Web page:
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Ensuring Five-Star Complaint Handling Excellence

Ensuring Five-Star Complaint Handling Excellence


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Ensuring Five-Star Complaint Handling Excellence

8 Jun 2022

Jack Jones
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Today, most financial organizations have a robust complaint management process in place, but will it be enough for tomorrow? The past couple of years have resulted in not only a rise in complaint numbers but an increase in customer expectations too, creating a perfect storm of complaints for financial services organizations to manage.

As well, the complaints that are being escalated to the Financial Ombudsman Service (FOS), a figure that has risen 58% year-on-year, are indicative of past practices, the impact of older decisions playing out in today’s complaints. In a similar vein, what we see tomorrow, will be a reflection of the practices of today.

So, with all this in mind, if you’re looking to go beyond a tick in the compliance box, fulfilling compliance obligations whilst focusing on customer experience (CX) and operational excellence, what steps do you need to take to ensure that all-important five-star complaint handling not just for today but for the foreseeable future? And, what have other businesses done in an effort to improve their complaint handling capabilities?

Reducing FOS Referral Rates

To achieve quality outcomes, mitigating against referrals to the FOS, you need to instill quality across your complaints processes. However, defining a one-size-fits-all standard for quality is nigh-on impossible, dependent on so many different factors, many of which will be personal to your business. That’s not to say that making some changes won’t have a dramatic impact on quality, reducing FOS referral rates in the process. Take customer communications for example. Many complaints and escalations in particular can be avoided by higher quality customer communications. Better management of customer expectations builds trust and nurtures patience in the place of frustration. Similarly, if you focus on individual customer circumstances, ensuring a more nuanced, personalized approach, monitoring interactions carefully and making necessary corrections, quality outcomes are far more likely.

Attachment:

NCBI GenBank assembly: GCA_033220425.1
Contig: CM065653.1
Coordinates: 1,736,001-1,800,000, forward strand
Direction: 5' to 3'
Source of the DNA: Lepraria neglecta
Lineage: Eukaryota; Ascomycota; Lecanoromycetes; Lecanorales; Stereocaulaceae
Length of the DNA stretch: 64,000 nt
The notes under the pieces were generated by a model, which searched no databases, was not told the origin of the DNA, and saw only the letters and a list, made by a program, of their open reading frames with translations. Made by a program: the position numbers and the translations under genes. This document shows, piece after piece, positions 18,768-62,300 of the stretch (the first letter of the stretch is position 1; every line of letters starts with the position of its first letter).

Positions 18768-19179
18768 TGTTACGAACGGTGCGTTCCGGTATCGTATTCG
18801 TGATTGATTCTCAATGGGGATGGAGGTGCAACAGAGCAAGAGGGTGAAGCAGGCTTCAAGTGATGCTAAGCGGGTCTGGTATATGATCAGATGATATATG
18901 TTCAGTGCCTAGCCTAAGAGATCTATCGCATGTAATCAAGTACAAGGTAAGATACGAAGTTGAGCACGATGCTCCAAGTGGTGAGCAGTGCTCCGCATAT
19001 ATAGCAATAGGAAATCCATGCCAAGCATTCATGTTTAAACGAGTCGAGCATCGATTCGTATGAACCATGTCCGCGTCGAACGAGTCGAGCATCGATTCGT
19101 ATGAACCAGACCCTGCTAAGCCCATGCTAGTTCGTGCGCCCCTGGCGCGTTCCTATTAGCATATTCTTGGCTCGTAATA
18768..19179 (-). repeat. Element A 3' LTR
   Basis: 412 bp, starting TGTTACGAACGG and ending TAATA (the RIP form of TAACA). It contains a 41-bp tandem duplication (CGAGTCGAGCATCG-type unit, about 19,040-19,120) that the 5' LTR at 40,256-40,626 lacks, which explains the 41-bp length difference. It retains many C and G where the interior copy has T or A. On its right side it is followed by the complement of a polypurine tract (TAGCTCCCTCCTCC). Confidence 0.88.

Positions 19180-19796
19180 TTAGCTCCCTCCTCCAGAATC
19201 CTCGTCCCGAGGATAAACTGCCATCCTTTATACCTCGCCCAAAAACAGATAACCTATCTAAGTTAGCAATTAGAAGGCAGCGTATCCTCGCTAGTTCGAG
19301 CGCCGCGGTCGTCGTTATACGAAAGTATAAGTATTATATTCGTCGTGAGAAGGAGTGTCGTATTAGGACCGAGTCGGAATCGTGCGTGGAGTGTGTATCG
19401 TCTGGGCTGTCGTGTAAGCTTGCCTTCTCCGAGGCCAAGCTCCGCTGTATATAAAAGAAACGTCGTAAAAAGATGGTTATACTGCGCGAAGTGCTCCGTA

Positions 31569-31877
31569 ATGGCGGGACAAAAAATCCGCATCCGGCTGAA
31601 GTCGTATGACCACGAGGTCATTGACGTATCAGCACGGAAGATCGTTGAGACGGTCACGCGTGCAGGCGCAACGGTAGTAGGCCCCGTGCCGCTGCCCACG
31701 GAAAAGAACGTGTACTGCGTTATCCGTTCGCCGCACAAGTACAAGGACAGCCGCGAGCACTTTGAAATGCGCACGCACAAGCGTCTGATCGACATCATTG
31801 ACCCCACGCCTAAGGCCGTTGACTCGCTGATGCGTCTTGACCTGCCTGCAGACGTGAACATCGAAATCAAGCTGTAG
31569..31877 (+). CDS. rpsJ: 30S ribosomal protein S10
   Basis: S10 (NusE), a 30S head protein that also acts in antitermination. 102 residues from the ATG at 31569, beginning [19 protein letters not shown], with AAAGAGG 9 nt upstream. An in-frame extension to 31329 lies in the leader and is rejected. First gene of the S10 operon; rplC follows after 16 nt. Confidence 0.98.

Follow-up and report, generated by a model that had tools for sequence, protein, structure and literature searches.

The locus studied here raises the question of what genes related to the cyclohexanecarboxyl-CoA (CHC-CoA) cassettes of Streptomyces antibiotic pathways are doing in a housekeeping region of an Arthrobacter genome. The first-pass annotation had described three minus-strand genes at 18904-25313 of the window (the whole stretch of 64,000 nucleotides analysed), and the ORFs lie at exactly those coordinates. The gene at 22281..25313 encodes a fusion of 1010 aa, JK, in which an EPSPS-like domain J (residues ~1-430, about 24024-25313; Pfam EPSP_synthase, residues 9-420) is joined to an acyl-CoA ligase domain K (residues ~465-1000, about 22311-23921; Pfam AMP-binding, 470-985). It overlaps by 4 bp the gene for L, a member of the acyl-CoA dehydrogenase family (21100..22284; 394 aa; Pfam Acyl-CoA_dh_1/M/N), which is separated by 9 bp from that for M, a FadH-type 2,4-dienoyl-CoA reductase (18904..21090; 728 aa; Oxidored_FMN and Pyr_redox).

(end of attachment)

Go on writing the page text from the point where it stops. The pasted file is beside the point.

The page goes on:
This was exactly what happened with a leading UK merchant banking group. It prioritized quality by undertaking real-time quality assurance (QA) and taking a risk-based approach to case reviews. What resulted was comprehensive QA management information (MI) which was then able to pinpoint where improvements could and should be made. This led to a 21% reduction in FOS referrals in six months; enhanced MI, and much improved engagement with the FOS.

Navigating First Point of Contact Resolution

We all know that speed doesn’t always equate to quality outcomes, but it’s an undeniable fact that in many cases, first point of contact (FPOC) resolutions are preferable. Research shows that 75% of customers will remain as customers if you achieve a resolution within a week. Stretch this to three-to-four weeks and there’s a 50-50 chance your customers will go elsewhere.

What’s standing in the way of FPOC resolutions is a combination of factors, none of which are insurmountable. A culture of empowerment and engagement is a must if you’re to have a team of case handlers who can achieve FPOC resolutions; a culture that can be built with the right training program, not to mention the hiring of employees for behaviors and not just previous complaint handling experience. The right tools and information are crucial too, equipping case handlers with the systems and templates—where appropriate—needed to underpin swift, effective resolutions. Finding the right balance between speed and quality is what counts.

This was definitely the case with a global health insurance group who undertook a thorough review of its operating model to try and improve on its FPOC resolution rate that just couldn’t seem to rise above 10%. The business was struggling with a large complaint backlog, not to mention a poor CX record. By rebalancing skills and expertise across the frontline and making FPOC resolutions a priority, the business reshaped its operating model to great success. The focus on eradicating the skills and engagement gap through professional development and training across all areas of the complaint journey increase FPOC resolutions to more than 30%, as well as improving case handler productivity and lowering staff attrition rates.